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gsiener's avatar

What does it mean to be green?

Asked by gsiener (410points) April 1st, 2008

I’m giving a talk tonight about being green, and was wondering what it means to all of you in internet land?

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13 Answers

MrKnowItAll's avatar

It’s not easy being green, or so say’s Kermit.

Allie's avatar

to be earth friendly! =]

trogdor_87's avatar

Being eco friendly.

jrpowell's avatar

This quote from one of my favorite bands sums up my believes nicely.
“Leave your mark on our world by leaving no mark at all.”

That is really hard to do. But it is a good goal to try and achieve.

cwilbur's avatar

Superficially ecologically correct; whether it remains so under examination varies.

I remember the Earth Club, when I was in college, protesting the availability of disposable cups to take coffee or other hot beverages out of the dining halls. They made enough of a fuss that the college provided everyone with reusable plastic mugs.

Unfortunately, the plastic in the mugs was substantially worse in landfills than the cardboard would have been; if the consumption had been one mug per student per year, it would have been a wash. But the mugs, which were “free,” were thrown out and lost with reckless abandon, and people kept on using the cardboard cups.

So this was a great “green” effort, and there was much back-patting about how the Earth Club had gotten the evil wasteful college to reform its ways.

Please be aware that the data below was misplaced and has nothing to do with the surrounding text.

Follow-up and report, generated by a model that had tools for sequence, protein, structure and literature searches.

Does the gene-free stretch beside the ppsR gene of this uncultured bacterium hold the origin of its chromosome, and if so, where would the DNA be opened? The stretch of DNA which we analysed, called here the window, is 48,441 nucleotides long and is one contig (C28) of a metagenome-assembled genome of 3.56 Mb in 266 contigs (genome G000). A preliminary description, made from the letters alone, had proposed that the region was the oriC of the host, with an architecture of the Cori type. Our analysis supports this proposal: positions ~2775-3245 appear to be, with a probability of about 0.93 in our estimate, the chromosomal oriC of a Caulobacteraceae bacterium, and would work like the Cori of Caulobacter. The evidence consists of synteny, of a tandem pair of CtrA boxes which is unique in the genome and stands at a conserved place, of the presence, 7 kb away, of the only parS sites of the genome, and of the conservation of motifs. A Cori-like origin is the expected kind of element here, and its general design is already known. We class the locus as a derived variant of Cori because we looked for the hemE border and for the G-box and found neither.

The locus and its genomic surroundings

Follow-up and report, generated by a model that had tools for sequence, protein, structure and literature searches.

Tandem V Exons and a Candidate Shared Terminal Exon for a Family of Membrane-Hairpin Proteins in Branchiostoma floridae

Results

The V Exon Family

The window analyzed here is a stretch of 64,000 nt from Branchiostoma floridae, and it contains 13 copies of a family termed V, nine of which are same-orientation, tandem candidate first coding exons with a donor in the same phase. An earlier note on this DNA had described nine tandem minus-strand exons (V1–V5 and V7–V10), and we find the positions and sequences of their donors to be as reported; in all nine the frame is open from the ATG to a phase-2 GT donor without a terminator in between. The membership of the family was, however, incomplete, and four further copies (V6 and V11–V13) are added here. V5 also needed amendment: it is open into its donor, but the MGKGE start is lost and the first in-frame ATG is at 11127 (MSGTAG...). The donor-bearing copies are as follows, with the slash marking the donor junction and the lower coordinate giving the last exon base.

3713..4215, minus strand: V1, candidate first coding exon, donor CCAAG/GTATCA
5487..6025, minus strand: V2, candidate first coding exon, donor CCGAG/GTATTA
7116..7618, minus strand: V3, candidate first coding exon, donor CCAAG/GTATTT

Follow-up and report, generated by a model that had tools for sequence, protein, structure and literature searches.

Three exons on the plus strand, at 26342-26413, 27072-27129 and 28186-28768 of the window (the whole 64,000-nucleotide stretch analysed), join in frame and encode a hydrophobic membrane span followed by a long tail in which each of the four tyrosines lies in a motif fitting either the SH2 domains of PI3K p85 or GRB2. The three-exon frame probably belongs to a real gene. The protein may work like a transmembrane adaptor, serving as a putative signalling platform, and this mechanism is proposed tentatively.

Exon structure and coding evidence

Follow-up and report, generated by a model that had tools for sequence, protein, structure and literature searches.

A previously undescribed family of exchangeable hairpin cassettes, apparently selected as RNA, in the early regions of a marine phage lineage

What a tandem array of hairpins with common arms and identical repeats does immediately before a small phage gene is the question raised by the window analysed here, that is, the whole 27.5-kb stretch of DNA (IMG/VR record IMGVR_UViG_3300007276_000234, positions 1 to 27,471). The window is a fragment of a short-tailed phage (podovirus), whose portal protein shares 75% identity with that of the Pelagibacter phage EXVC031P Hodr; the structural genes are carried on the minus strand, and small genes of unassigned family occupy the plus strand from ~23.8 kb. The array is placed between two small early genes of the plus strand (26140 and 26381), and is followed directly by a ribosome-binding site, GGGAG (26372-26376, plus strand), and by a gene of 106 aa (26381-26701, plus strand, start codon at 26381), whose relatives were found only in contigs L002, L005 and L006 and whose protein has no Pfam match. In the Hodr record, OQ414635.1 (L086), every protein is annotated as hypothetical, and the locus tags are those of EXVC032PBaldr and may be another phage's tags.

ben's avatar

Sharing office space, servers, and energy efficiency in general.

Correctly disposing of e-waste.

Supporting environment policies, politicians, and companies.

Commuting by bike / video-conferencing / choosing a minimally car-dependent location. (!)

Helping raise awareness of green issues.

ninjaxmarc's avatar

driving a hybrid

Alina1235's avatar

wearing those ugly green shopping bags made of recycle materials LOL sorry couldn’t help it

steelmarket's avatar

cwilbur is absolutely correct. There is so much hype floating around on how to be green that it is tough to tell what is real. Best way to start is look at your personal life style: take shorter showers, turn out the lights when you are not using them, shop a little closer to home, try some natural natural products on your lawn instead of chemicals, be very aware of what you flush down the drain, stay away from bottled water (get a filter!), etc. Remember that you (John Q Public) are the largest source of pollution, not some industry.

cwilbur's avatar

Another example: “being green” by using compact fluorescent light bulbs—which consume less energy and last longer, but need to be disposed of as hazardous materials because they contain mercury.

If you only look at the energy consumption, you can spin the compact fluorescents as “green”—but if you look at the environmental impact from manufacturing and disposing of the bulbs themselves, you can spin the conventional incandescents as “green.”

So, as far as I’m concerned, calling something “green” strikes me as a big red flag that I’m being manipulated and that I should look for the hidden costs.

ben's avatar

I’ve heard that amount of mercury in a compact fluorescent is less than the mercury produced (by a coal powerplant) for the extra energy required by an incandescent in a year. Just FYI.

cwilbur's avatar

Possibly. But it’s all being spun by people who have an agenda; the more something is touted as “green” the more I look for whatever it is that I’m not supposed to notice or pay attention to in my rush to be a good ecological citizen.

gsiener's avatar

Thanks guys. The talk went really well, and we dove into some of the harder issues to unravel (like the ones cwilbur and ben have raised). For anyone that’s interested, this actually took place at The Island School, a semester abroad program in the Bahamas that promotes sustainability.

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